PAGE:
In other words, a swept wing, compared to a straight one with the same area, acts like a wing that is thinner, as far as shockwave formation is concerned.
If you are unsure why air will accelerate when flowing over a wing, read this answer first.
Now keep in mind that local curvature will determine the amount of acceleration. In a straight wing that acceleration is in the direction of the original flow speed because the wing surface curvature is highest along chord lines while zero in spanwise direction.
Now sweep the wing. This will also sweep the direction of highest curvature, and with it the direction into which the flow is accelerated. The speed component of the air in the direction of highest curvature is the flow speed times the cosine of the sweep angle. This is the chordwise speed component in EquipmentOperator's answer. Since the acceleration is also a function of flow speed, the acceleration will not only start from a lower level, but is also reduced by the cosine of the sweep angle, leaving more margin before the speed of sound is reached.
With 60° of sweep the cosine of the sweep angle will drop to 0.5, doubling the flight Mach number at which the same acceleration is reached in a straight wing at Mach 1.0, which nicely confirms the graphics in the first picture of EquipmentOperator's answer.
As much as I support his answer, once you know that curvature is key to the understanding of lift, the explanation with the chordwise speed component becomes very intuitive. The apparent reduction in thickness actually has very little to do with the way sweep works. Also, air passing over a swept wing will actually first move towards the wing tip in the region just ahead of the stagnation line, then curve inwards when acceleration kicks in over the forward chord and finally return into its original direction when pressure rises again over the rear wing.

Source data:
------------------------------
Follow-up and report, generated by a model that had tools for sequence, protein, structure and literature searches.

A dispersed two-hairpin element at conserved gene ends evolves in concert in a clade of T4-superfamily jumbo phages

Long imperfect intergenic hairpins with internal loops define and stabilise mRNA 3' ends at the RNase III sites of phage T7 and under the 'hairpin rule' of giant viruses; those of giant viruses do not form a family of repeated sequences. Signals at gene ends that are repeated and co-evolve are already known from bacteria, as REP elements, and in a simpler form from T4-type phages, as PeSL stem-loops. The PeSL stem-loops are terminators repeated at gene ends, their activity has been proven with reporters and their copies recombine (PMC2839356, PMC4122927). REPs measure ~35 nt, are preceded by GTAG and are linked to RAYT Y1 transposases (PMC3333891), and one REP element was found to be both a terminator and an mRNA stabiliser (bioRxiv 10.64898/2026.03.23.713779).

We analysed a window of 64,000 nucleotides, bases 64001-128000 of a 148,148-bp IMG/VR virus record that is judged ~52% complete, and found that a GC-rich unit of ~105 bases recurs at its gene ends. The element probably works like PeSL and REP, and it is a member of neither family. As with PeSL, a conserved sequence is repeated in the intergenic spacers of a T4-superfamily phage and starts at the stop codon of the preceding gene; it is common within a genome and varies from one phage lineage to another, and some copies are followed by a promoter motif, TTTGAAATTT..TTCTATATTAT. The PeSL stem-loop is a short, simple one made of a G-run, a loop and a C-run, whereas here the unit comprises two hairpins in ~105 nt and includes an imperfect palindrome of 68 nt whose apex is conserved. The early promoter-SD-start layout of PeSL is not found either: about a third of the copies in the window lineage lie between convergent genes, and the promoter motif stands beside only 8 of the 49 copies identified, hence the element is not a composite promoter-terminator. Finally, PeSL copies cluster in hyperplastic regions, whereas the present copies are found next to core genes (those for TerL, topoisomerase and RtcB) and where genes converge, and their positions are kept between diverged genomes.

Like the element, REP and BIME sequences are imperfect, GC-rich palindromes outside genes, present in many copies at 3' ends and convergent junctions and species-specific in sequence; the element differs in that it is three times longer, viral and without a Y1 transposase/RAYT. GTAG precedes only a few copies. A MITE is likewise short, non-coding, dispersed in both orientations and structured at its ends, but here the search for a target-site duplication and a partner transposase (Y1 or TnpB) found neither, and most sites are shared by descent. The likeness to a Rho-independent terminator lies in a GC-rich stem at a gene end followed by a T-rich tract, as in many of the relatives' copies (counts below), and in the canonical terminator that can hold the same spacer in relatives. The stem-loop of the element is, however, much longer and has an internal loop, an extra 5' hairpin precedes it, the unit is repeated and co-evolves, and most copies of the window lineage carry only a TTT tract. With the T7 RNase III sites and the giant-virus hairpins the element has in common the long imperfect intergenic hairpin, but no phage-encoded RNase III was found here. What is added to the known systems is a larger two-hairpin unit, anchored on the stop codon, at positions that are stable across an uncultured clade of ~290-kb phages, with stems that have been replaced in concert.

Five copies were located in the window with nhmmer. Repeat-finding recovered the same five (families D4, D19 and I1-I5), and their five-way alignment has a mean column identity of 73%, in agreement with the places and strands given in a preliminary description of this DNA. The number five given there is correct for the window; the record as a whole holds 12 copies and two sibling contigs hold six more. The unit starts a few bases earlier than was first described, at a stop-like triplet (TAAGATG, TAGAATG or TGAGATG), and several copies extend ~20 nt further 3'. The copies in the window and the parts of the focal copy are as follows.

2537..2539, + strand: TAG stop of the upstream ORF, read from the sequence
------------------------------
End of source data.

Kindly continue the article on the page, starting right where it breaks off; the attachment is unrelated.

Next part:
The benefits of a swept wing have already been known at least since 1935 when A. Büsemann presented a paper at the Fifth Volta Conference in Rome about the advantages of a swept wing at supersonic speed (Büsemann, A. - "Aerodynamicher Auftrieb bei Überschall Geschwindigkeiten" Luftfahrtforschung, Bd 12, Nr 6, October 3, 1935, pp. 210-220).
Apparently nobody among the attendees (of several nationalities) was able to appreciate that discovery, except the German government that classified that paper the next year. In the following years, further theoretical and practical research was carried out in Germany that verified the property of wing sweep in delaying the onset of the compressibility drag associated with the formation of shock waves.